CVS Health (NYSE: CVS) faces two distinct headwinds that are putting pressure on CVS stock.
First, markets are cautious over the drug store and drug manufacturing market as the government pressure all players to lower drug prices.
Doubts over CVS’ acquisition of Aetna are adding more distractions for management in the near-term. With CVS stock testing the $51.72 yearly low on at least five occasions since March, what will it take for the stock to rebound?
CVS reported first-quarter earnings of $1.62 and also raised its full-year adjusted EPS guidance to $6.75 to $6.90. This is up from the previous guidance of $6.68 to $6.88 a share.
The Q1 beat and improved outlook are due largely to the inclusion of managed care operations. The company also included revenue from SilverScript Medicare Part D, which contributed $17.9 billion of revenue for the quarter.
Better synergies with Aetna also contributed favorably to the higher outlook. CVS expects it will exceed its target savings of $750 million in 2020. It found synergies stemming from the elimination of duplication in corporate and operational functions, medical cost savings such as formulary alignment, and purchasing efficiencies. By 2022, CVS forecast saving $1.5 billion to $2 billion, well above its deal synergy targets.
CVS forecast cash flow of between $9.8 billion and $10.3 billion and will use $4.2 billion to $4.6 billion to pay down its debt. Its debt/equity of 1.25 times is above that of Cigna Corporation (NYSE: CI) at 0.95, and UnitedHealth (NYSE: UNH) at 0.74, both of which are attractive investments.
Despite the less favorable debt/equity, CVS Health pays a dividend yielding 3.69%. Walgreens Boots Alliance (NASDAQ: WBA) also has a lower debt/equity of 0.73 but its dividend is slightly lower too, at 3.35%.
Value Investing Opportunity
Investors who think that CVS has deep value with a forward P/E of 7.6 times are betting the company will mitigate near-term headwinds hurting the business. In Q1, prescription growth of 5.5% benefited from the support of clinical care programs and network relationships.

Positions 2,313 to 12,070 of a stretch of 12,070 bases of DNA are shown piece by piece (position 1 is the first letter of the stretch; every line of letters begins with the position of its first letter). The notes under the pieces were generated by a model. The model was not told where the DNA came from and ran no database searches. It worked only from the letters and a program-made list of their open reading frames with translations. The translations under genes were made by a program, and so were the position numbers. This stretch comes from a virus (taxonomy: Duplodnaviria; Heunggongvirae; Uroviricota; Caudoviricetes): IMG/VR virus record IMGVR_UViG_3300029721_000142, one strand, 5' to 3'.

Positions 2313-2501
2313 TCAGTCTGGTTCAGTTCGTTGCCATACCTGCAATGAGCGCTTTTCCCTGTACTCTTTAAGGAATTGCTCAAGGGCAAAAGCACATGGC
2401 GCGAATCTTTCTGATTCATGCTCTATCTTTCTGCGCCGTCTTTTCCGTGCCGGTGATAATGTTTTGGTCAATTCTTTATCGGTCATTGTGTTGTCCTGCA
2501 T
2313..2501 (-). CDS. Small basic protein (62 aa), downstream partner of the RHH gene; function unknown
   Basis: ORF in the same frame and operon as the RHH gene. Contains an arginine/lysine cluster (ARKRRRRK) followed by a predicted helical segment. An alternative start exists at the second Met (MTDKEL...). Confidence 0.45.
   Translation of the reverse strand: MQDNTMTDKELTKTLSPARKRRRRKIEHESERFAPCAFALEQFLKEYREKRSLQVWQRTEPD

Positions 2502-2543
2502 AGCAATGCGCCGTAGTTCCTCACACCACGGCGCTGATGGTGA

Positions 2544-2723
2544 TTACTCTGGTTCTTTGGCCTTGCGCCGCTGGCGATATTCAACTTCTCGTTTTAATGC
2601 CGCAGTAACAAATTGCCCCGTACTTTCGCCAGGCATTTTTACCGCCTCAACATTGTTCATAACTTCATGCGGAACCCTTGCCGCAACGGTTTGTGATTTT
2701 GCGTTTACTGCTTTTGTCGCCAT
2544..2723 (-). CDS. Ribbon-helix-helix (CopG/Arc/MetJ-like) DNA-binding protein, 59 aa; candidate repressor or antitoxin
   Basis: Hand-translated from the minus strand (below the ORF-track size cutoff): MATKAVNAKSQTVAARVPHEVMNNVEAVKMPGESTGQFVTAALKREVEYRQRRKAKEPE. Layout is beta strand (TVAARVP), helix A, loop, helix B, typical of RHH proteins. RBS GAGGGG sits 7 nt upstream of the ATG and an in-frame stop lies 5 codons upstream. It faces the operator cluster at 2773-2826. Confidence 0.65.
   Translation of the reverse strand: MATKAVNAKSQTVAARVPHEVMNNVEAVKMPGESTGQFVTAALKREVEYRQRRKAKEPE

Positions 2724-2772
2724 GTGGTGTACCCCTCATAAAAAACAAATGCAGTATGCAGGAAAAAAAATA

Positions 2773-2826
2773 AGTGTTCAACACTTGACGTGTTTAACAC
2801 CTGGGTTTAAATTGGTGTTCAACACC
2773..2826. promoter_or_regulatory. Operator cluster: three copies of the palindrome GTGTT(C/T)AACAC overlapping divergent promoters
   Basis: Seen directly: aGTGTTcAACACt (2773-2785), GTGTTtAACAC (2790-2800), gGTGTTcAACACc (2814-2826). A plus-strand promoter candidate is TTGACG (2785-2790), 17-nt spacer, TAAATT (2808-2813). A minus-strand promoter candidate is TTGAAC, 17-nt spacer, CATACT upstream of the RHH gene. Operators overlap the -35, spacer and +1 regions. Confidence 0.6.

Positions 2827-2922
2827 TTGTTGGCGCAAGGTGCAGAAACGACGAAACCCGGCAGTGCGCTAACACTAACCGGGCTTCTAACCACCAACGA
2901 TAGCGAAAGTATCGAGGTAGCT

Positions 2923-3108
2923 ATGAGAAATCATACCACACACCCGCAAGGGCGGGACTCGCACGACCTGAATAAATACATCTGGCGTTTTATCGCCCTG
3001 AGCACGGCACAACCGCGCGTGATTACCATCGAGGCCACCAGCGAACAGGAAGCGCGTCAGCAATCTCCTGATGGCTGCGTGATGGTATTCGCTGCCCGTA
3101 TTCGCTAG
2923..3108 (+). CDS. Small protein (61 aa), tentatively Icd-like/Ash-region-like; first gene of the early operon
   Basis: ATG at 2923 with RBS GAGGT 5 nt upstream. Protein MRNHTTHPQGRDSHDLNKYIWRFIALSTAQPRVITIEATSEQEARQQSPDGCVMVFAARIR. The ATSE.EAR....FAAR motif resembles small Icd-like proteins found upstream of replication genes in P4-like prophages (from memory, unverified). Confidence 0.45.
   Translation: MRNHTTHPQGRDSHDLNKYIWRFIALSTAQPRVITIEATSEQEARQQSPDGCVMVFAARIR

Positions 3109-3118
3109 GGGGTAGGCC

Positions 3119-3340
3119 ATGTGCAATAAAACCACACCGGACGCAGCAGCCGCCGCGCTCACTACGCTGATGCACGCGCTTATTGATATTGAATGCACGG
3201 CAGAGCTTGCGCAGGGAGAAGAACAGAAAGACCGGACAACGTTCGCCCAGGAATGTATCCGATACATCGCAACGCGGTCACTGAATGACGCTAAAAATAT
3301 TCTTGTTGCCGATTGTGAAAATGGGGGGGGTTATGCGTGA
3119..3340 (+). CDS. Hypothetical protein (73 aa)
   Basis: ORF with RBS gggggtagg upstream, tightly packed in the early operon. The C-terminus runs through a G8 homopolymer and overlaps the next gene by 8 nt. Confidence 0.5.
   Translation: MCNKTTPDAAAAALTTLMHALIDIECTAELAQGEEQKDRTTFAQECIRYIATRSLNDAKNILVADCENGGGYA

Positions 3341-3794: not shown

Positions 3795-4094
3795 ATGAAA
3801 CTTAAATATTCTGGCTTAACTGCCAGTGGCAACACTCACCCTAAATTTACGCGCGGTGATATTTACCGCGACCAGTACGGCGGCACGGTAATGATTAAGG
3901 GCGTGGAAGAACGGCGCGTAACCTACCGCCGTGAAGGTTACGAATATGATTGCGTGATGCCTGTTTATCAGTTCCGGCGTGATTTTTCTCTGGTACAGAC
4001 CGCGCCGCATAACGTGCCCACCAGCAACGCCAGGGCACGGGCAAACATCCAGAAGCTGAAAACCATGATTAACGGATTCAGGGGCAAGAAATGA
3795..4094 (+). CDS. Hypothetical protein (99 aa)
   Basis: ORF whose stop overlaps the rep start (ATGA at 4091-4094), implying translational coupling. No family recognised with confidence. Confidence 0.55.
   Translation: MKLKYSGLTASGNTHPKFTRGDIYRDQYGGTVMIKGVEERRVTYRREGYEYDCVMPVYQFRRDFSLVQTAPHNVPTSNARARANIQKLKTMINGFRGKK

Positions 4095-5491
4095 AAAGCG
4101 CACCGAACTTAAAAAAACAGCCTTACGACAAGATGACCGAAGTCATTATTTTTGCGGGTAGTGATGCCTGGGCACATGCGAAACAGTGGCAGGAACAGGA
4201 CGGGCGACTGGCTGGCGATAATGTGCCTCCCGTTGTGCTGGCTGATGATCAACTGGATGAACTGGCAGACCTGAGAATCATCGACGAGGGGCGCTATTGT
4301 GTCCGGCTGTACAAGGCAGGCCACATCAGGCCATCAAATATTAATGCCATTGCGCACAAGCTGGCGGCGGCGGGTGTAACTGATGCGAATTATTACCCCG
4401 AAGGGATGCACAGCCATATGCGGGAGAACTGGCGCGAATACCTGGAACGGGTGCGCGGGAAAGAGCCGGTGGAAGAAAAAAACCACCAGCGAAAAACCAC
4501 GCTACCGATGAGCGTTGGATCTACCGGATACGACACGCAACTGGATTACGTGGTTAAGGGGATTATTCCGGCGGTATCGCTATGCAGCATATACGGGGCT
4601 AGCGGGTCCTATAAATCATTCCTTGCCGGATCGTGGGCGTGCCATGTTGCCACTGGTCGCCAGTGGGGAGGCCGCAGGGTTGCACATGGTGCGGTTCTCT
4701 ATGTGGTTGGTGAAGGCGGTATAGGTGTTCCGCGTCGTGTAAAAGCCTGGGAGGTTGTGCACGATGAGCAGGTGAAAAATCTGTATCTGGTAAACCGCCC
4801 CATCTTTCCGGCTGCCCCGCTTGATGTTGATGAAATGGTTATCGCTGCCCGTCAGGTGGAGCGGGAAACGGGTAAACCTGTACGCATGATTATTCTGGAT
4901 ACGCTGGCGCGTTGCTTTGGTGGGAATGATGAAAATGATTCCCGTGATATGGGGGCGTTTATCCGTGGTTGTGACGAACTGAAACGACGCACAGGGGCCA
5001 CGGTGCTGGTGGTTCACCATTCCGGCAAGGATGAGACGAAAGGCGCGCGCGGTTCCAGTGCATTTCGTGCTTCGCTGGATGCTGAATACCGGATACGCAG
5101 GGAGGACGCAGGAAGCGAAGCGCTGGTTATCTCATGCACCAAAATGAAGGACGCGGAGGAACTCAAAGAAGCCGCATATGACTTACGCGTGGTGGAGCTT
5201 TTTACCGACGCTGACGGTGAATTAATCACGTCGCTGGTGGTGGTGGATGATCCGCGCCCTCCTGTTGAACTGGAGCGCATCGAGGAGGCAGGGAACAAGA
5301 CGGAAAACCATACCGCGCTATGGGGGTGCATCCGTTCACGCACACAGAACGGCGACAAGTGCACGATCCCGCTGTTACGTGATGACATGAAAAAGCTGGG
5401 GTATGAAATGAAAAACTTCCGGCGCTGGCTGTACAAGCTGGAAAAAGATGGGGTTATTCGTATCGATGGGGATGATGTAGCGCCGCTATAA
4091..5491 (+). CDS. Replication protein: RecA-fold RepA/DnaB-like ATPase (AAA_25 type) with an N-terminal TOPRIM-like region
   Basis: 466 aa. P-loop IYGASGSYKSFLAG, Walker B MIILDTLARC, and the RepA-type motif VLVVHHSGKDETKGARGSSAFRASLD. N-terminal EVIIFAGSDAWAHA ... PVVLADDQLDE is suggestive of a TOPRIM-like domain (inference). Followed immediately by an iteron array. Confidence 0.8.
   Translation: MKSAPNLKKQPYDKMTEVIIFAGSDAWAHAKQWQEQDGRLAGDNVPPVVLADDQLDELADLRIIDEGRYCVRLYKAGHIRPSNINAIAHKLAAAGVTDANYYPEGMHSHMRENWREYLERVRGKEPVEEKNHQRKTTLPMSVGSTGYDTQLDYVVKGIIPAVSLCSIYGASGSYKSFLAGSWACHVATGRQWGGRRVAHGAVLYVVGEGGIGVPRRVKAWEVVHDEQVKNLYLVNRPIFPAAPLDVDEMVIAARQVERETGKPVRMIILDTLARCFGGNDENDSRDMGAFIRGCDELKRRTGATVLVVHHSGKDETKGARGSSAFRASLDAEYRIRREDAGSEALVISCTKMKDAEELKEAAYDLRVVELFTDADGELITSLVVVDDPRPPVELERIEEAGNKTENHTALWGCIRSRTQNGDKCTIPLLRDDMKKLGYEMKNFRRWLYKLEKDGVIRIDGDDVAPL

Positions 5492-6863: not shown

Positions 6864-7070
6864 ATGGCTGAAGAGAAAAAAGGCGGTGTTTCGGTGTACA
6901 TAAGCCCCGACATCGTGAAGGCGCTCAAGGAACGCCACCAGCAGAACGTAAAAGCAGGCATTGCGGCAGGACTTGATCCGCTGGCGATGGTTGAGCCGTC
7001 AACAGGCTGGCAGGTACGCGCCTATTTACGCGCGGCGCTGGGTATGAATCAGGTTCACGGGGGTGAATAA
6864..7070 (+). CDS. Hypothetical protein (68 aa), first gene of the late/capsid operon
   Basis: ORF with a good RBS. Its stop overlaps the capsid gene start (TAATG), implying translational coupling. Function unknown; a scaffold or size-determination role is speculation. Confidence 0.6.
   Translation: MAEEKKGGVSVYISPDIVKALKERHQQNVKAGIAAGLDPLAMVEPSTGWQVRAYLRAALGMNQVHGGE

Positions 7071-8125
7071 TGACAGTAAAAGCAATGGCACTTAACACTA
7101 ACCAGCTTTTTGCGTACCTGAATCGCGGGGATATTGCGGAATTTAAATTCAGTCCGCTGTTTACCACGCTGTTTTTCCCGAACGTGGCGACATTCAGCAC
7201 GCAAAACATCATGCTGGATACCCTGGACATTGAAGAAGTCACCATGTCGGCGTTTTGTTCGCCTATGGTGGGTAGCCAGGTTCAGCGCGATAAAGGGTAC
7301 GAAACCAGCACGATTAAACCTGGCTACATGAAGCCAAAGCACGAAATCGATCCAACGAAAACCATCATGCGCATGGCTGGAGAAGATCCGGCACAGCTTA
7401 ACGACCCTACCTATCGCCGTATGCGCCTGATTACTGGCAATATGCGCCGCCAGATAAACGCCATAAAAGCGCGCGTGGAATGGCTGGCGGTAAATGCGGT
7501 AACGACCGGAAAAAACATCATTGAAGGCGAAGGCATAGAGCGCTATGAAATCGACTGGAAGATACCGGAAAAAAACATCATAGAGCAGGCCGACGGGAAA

The company will improve margins in its long-term care business. And with PBM, the idea of a net cost pricing model is resonating with clients. Some clients will adapt to this offering while CVS expects its uptake improving in 2020 and beyond.
CVS is testing new approaches in delivering and managing health care. Its Houston HealthHub stores bring health care services into communities. Meeting people where they are should drum up more business.
Still, CVS will primarily use data and analytics to deliver such services at the best cost. Plus, it has a long-term vision of seamlessly connecting consumer experiences across digital and clinical interactions.
Initial results from the Houston stores are encouraging. The locations are performing better than expected, giving the company the green light to expand the HealthHUB model.
Although CVS Health’s market share stood at 26.2% in the first quarter, front store comparable sales rose just 0.4%. Adjusted operating income from Retail/Long-term care dropped 18.9%. Reimbursement pressure, higher legal costs, and higher expenses weighed on Q1 results.
Should costs grow higher than expected in the course of this year, CVS may lower its guidance. Fortunately, synergies from the Aetna acquisition are tracking higher than the company expected. HealthHUB is resonating well with customers. This is encouraging the company to add more net new items in the front-store of the self-care and wellness areas. Along with expanding MinuteClinic services, CVS will continue expanding the interactions between pharmacists and patients who need it most.
The 14 analysts offering a price target on CVS stock have an average price of $70.18, which is ~30% above the recent closing price of $54.17. Conversely, investors could assume a perpetuity growth rate of between 5% and 6% in the 5Y DCF Growth Exit model. In this scenario, the fair value of CVS stock is $63 a share, implying an upside of 16% for investors (per finbox.io).
Your CVS Stock Takeaway
The CVS and Aetna deal is getting challenged. Investors could bet that the court lets the deal close. More importantly, CVS is already reaping the benefits of the combination by cutting costs. By delivering better services to the customers it services, the company will keep growing.
Disclosure: As of this writing, the author did not hold a position in any of the aforementioned securities.
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